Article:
Blog Post

3 scenarios for Covid-19—which will shape the volume outlook for providers in 2021?

December 10, 2020

    With the number of Covid-19 hospitalizations soaring to over 100,000 nationwide and new cases of the novel coronavirus surpassing 200,000 daily, health systems are beginning to reach the limits of their ability to simultaneously manage Covid-19 and non-Covid-19 patients. Many have had no choice but to reduce the number of elective procedures they perform—especially those requiring an overnight stay or ICU care—to preserve staff or capacity.

    But with a vaccine in sight, safety precautions in place, looser regulatory guidelines, and a more robust supply of PPE, the volume outlook for providers may not look quite as grim as it did in April 2020, despite higher case counts. Unlike before, regulators are now targeting mandatory shutdowns at individual regions—rather than the whole state—and some states are leaving cancellation decisions up to health systems. This gives providers flexibility in the type and timing of elective procedure postponement decisions. For many, there is also less urgency to postpone outpatient visits and procedures given the increased availability of PPE. Finally, providers now have safety precautions in place to remain open—assuming consumers are willing to come.

    Still, there are many unknowns related to vaccine rollouts, new governmental policies, and the trajectory of Covid-19 infections that could significantly alter the volume outlook for providers. We expect any one of three likely scenarios to take shape across the first half of 2021.

    Scenario 1: Persistent regional surges (most likely)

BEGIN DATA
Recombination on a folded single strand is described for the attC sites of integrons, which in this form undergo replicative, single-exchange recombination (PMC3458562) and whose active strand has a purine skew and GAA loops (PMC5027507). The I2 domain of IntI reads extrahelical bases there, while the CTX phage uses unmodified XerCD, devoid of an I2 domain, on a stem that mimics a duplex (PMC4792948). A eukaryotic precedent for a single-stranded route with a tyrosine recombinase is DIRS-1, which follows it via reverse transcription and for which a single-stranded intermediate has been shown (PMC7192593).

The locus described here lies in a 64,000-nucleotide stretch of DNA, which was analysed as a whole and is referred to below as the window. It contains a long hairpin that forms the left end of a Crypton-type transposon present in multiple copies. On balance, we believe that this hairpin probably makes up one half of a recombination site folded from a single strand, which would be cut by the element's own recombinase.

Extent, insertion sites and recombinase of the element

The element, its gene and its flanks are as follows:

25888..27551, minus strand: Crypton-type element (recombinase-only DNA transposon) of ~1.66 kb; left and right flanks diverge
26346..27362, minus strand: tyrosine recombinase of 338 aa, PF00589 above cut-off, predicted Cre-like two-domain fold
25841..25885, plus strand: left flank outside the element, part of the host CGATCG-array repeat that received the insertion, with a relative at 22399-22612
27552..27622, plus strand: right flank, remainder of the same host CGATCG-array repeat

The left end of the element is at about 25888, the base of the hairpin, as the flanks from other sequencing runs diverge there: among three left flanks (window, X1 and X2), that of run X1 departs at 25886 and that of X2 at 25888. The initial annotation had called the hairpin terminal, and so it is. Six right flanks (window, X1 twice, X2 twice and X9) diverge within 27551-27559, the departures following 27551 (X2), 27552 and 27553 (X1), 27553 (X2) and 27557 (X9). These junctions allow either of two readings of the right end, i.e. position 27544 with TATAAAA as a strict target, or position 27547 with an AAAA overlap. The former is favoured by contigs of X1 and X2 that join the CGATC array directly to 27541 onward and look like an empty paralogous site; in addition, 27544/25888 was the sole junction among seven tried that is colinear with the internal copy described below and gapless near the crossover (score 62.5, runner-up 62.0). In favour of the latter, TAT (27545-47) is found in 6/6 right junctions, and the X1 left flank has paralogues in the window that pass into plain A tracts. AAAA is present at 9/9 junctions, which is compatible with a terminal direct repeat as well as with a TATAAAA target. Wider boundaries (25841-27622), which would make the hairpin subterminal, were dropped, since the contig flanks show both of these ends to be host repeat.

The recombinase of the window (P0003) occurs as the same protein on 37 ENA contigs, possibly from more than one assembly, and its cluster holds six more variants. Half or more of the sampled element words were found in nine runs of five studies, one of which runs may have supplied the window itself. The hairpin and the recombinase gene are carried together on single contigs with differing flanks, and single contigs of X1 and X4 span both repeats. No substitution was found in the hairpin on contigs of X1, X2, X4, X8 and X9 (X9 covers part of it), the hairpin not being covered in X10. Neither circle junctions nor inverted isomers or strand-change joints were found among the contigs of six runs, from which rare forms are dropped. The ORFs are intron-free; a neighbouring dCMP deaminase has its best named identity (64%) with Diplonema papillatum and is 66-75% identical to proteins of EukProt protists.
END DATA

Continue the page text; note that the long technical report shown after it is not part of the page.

Local outbreaks occur on a continual and unpredictable basis. Vaccine supply shortages are in part resolved by the end of the first quarter (Q1) of 2021, but lack of demand from consumers leaves a large population susceptible to infection. Still, some consumers choose to take the vaccine, making peaks less severe with time. Providers are able to operate as usual during later peaks due to accommodations made to ensure safety and preserve capacity. However, consumers avoid health care settings at a higher rate when surges happen in their community.

    Consumerism

    Scenario 2: Early immunity (optimistic)

    Infection rates steadily decline with time. A rising number of infections in December 2020 and January 2021 means that a significant number of individuals are now immune to reinfection (at least for the short-term). Manufacturers are able to significantly ramp up vaccine production meeting or exceeding initial expectations. These vaccines are evenly distributed among health care workers and the most vulnerable populations that would potentially require hospitalization. Providers will observe weakened demand mostly due to lingering poor economic conditions and from permanent shifts to telehealth, but they will not be forced to postpone services after the initial peak due to capacity or staff constraints.

    Consumerism

    Scenario 3: Uncontrolled spread (pessimistic)

    The rate of viral transmission remains high and steadily increases in Q1 2021. Vaccine supply and demand is insufficient to achieve herd immunity, but the existence of a vaccine makes individuals less vigilant. The rising number of Covid-19 hospitalizations requires the majority of providers to temporarily postpone all or a portion of inpatient elective procedures. Some must also limit outpatient care to free up staff.

    Consumerism

    These scenarios will have very different implications for provider volumes and finances—providers should plan for each. Stay tuned for our upcoming projections in early 2021 on what these scenarios will mean for outpatient visits, procedure volume, and admissions in the new year.

    Learn more: The impact of Covid-19 on volumes to date

    Read our insight and download the accompanying slides to understand how volumes have trended to date, the outlook for the remainder of 2020, and factors you should incorporate into local forecasts.

    Download Now

    Have a Question?

    x

    Ask our experts a question on any topic in health care by visiting our member portal, AskAdvisory.

    X
    Cookies help us improve your website experience. By using our website, you agree to our use of cookies.